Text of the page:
# Surface Integral, flux. Boundary and orientation

1. Mar 10, 2012

### Liferider

In solving a flux integral over a flat surface, inclined above the xy-plane, does the boundary of the surface influence the flux only through the integral limits? (and not through its normal vector)

Let's say that there is an elliptic surface inclined above the xy-plane. The orientation is given by the plane: z=3-y. Now, when I am supposed to solve this surface integral, it seems I can easily use the normal vector of the plane z=3-y in the dS conversion:

dS = [-(∂f/∂x)$^{2}$, -(∂f/∂y)$^{2}$, 1]dA, where f(x,y)=3-y

This means that I do not need to think about the parametrization of the elliptic surface...
This would ofcourse only be true for flat surfaces. So, for clarification, am I doing something wrong?

2. Mar 10, 2012

### Liferider

To clarify, because this might seem like a strange question... Does the magnitude of the Normal vector play a role, or just its direction?

3. Mar 10, 2012

### chiro

As a disclaimer you should probably get some further input since I haven't taken vector calculus in a long time, but as far as I understand it, the normal vector should be a unit normal and the magnitude should be contained in the information for the actual flux component itself.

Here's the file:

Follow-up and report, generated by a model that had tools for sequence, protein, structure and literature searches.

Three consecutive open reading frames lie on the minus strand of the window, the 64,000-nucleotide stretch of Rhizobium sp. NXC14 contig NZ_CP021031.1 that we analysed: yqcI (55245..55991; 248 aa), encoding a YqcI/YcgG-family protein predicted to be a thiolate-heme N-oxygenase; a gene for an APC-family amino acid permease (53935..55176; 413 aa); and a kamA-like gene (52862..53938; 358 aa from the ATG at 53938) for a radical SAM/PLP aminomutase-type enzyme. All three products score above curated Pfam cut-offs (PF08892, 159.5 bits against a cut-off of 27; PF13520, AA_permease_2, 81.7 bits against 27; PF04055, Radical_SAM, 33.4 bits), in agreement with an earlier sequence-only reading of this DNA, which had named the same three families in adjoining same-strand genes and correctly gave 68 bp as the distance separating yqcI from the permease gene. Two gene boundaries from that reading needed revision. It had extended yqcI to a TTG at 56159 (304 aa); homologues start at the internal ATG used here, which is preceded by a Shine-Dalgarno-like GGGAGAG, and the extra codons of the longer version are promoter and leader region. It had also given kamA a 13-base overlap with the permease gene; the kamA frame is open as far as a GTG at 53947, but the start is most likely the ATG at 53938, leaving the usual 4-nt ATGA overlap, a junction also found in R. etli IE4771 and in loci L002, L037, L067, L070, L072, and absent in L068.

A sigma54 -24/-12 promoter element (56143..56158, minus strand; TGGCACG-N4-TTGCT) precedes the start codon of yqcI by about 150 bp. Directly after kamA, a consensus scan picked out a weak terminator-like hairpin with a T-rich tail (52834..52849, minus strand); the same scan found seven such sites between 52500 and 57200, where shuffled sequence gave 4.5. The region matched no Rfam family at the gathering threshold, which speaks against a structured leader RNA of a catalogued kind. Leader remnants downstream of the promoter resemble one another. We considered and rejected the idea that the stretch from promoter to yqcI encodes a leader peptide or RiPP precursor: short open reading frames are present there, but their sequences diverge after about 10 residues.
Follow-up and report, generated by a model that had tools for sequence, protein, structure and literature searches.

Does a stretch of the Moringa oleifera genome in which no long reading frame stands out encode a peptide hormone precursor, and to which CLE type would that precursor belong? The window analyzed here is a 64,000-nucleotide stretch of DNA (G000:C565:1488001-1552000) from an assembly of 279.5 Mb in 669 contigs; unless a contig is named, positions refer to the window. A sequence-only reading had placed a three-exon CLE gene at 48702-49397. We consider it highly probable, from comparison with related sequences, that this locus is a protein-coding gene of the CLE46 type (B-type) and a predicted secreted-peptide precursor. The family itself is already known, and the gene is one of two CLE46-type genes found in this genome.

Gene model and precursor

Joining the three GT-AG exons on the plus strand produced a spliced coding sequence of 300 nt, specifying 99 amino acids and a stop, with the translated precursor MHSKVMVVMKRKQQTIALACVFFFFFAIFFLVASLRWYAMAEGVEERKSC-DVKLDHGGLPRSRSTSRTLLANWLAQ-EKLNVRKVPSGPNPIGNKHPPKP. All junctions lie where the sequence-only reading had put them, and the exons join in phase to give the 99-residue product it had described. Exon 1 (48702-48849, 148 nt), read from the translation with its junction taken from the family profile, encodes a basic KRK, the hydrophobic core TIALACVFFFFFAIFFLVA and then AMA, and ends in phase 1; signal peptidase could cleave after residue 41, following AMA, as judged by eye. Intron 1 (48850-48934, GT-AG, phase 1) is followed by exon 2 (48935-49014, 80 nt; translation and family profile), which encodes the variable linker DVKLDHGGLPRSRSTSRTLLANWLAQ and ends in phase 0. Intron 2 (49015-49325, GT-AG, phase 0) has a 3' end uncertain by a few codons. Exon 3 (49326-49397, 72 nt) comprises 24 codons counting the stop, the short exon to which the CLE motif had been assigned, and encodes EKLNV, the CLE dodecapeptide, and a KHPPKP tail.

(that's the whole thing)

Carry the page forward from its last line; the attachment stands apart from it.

If the magnitude was not unit (i.e. 1) then you would have to just normalize the integral in the appropriate way. You have to remember that you are calculating a projection of the flux with respect to the surface normal and if you review the definition of such a projection, you should find that the normal needs to be unit length.

This implies that only the direction matters and not the magnitude.

4. Mar 10, 2012

### Liferider

Thanks, so the reason why one projects the surface onto a plane like the xy-plane is to find how much of the different vector field components go trough the surface.

5. Mar 10, 2012

### chiro

In flux integrals its best to think of each point on your surface having its own normal vector at a point. On a plane, this doesn't change but on a curved surface it does.

What you are doing is just doing a projection of the 'flux component' with respect to the normal.

If the flux is parallel to the normal then the magnitude of the flux is at a maximum since it is going through the surface with maximum intensity. If the normal is perpendicular, then the flux will not even touch the surface resulting in a zero contribution since the flux is parallel to the surface itself.

6. Mar 10, 2012

### HallsofIvy

The answer could be either "yes" or "no" depending upon exactly how you define the "normal vector". If you are given some vector function, $\vec{v}(s,t)$, defined over a surface F(s, t)= constant, to integrate the vector function over the surface by finding the gradient, $\nabla F$ which is, of course, normal to the surface.

Many texts form the unit normal, $\vec{v}$, by dividing that by the length $\left|\nabla F\right|$ but then form the "differential of surface area" $dS= \left|\nabla F\right|dsdt$. But I have never seen much sense in dividing by $\left|\nabla\right|$ to get the unit normal, then multiplying by it to get the differential of surface area! Instead, I prefer to define the "vector differential of surface area", as done in many other texts, $\vec{dS}= \nabla F dsdt$.

On the one hand you can calculate the flux as
$$\int \vec{v}\cdot\vec{n}dS= \int \vec{v}\cdot\vec{n} \left|\nabla F\right| dsdt$$
or as
$$\int \vec{v}\cdot\vec{dS}= \int \vec{v}\cdot\nabla F dsdt$$

I prefer the second but they are equivalent.